Hirsch said he could channel the frantic passion of the film’s Boris, who feels frustrated that his message is not reaching young Sammy. But the actor said there was only one moment he was “truly scared to do,” when the scene required him to get physical with LaBelle.
“I line the kid up against the wall and I say, ‘Look at me — look at me,’” Hirsch said. “After all that, I want him to see what I had to go through.”
LaBelle said he encouraged Hirsch to “beat the [expletive] out of me.”
“The moment where he pinches my face, I was like, ‘No, no, hurt me. Come on, let’s do it,’” LaBelle recalled.
He added, “It’s not like I’m hanging on the side of a plane. I’m just getting my face pinched.”
Whether his “Fabelmans” performance garners any attention for a year-end film award, Hirsch noted that he had been down this road before.
He pointed out that for work he did in 1980 alone, he was nominated for an Oscar (for “Ordinary People”), an Emmy (“Taxi”) and a Tony (“Talley’s Folly”) — and won none of them. Though Hirsch didn’t mention this, he did go on to win Emmys for “Taxi” in 1981 and 1983.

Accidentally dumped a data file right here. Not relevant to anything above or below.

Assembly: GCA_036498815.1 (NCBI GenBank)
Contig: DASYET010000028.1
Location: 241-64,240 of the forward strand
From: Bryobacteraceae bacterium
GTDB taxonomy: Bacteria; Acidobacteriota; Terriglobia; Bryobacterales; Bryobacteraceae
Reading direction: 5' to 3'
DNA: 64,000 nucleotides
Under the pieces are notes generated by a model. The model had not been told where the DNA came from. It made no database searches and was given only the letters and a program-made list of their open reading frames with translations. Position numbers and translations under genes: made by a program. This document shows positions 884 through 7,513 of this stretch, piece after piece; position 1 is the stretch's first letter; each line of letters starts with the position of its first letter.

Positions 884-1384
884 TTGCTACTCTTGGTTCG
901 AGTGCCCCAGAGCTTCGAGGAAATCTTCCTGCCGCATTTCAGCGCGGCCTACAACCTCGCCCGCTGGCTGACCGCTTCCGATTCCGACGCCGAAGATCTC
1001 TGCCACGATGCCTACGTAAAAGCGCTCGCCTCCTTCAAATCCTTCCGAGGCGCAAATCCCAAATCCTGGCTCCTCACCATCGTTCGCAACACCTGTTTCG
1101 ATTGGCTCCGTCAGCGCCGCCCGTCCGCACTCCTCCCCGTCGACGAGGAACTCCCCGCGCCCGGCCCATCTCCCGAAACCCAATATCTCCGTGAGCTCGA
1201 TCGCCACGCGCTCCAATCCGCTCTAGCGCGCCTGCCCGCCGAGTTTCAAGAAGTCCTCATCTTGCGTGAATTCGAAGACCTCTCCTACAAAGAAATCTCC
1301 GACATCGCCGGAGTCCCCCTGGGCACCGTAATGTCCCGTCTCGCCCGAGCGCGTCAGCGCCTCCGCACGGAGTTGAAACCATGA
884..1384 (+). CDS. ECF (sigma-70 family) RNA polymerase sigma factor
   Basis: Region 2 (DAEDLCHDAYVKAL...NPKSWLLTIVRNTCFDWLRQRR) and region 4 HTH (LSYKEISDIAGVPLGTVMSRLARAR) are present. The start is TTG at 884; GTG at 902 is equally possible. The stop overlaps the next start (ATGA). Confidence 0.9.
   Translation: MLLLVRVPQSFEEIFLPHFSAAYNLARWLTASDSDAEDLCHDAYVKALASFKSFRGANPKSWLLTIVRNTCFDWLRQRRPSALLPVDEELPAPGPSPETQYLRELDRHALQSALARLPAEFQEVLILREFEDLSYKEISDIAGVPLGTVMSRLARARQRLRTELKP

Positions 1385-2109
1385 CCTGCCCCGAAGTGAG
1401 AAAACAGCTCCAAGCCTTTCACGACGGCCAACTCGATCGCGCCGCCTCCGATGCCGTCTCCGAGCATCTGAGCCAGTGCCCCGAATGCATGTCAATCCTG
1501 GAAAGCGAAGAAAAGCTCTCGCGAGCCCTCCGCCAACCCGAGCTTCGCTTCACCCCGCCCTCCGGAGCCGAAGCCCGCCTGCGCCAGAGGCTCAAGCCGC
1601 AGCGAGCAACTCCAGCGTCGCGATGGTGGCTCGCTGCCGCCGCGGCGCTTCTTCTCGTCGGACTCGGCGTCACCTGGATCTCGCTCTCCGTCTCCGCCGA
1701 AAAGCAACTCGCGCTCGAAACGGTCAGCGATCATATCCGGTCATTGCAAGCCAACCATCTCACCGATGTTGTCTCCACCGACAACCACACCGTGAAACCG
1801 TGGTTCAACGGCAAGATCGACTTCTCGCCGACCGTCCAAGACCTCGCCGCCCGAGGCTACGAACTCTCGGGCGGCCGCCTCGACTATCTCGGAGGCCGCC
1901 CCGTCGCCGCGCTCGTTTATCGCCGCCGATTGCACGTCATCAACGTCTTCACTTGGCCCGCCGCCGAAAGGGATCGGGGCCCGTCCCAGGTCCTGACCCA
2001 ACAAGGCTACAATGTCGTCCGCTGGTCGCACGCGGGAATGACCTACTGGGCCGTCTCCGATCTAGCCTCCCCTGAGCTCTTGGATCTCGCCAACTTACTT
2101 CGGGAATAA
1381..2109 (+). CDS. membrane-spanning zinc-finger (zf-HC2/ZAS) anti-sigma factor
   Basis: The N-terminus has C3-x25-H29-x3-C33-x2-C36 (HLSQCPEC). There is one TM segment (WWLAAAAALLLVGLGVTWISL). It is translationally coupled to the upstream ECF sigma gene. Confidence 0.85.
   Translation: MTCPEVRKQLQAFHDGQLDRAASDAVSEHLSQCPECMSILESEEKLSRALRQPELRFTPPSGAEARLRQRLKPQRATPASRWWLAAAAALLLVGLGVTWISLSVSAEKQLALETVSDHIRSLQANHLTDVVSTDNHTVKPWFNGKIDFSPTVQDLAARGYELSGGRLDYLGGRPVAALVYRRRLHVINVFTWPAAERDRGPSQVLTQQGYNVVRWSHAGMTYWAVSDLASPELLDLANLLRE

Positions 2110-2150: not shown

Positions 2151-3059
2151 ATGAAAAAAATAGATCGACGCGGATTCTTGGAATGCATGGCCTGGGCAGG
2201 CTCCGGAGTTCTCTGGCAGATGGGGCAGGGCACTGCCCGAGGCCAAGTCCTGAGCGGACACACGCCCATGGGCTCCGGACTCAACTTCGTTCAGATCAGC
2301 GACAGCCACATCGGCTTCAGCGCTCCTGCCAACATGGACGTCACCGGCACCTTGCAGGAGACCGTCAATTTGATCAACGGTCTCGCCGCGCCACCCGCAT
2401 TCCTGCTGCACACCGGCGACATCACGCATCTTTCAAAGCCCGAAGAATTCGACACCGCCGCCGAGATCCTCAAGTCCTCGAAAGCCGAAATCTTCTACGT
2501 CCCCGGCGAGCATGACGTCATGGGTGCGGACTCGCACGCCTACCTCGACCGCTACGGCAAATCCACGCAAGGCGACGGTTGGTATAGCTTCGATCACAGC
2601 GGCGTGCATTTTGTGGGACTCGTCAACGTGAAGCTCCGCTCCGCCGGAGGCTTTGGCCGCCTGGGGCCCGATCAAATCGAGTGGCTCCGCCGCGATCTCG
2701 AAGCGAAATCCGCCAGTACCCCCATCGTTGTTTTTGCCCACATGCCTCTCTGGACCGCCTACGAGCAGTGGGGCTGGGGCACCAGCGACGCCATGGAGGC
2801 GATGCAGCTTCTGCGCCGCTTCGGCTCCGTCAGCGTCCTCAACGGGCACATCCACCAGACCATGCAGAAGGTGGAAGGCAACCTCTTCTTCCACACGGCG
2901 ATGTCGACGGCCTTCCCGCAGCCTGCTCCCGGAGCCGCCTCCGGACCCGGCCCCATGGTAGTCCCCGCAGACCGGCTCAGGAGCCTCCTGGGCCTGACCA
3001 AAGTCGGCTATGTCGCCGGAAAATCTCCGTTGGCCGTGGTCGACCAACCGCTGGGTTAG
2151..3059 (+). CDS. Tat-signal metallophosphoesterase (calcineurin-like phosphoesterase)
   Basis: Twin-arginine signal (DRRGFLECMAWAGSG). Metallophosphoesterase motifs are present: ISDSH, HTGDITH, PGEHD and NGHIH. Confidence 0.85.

Hirsch said he was actually relieved he didn’t win for “Ordinary People,” in which he played a psychiatrist treating a traumatized teenager (Timothy Hutton). Both men were nominated as supporting actors, and Hirsch suggested that Hutton — who ultimately won — was more deserving of the honor.
“I said, what’s the worst thing that could happen to me?” Hirsch explained. “I win this damn thing and then have to look at him and make excuse, excuse, excuse — ‘They made a terrible mistake, it should have been you.’”
After a server asked him if he would like some black coffee (“That’s the usual color, isn’t it?” Hirsch replied without missing a beat), the actor resumed delving into his trove of stories from projects that did not earn him any trophies or recognition.
He spoke of his performance in the 1978 drama “King of the Gypsies,” in which his character is shot by Eric Roberts and falls out an apartment window to his death.
“So I said who’s going to do that?” Hirsch recalled. “They said, ‘You.’ I said, ‘OK.’ I arrive at the set and there’s one of those enormous air mattresses in the street.”
Hirsch said he filmed three takes of his fatal fall, but while the finished sequence in the movie shows him taking gunfire and toppling out the window, the part where his character lands on a car was performed by a stuntman.
“Luckily I didn’t have to hit a car,” he said. “Otherwise, you and I would not be talking here.”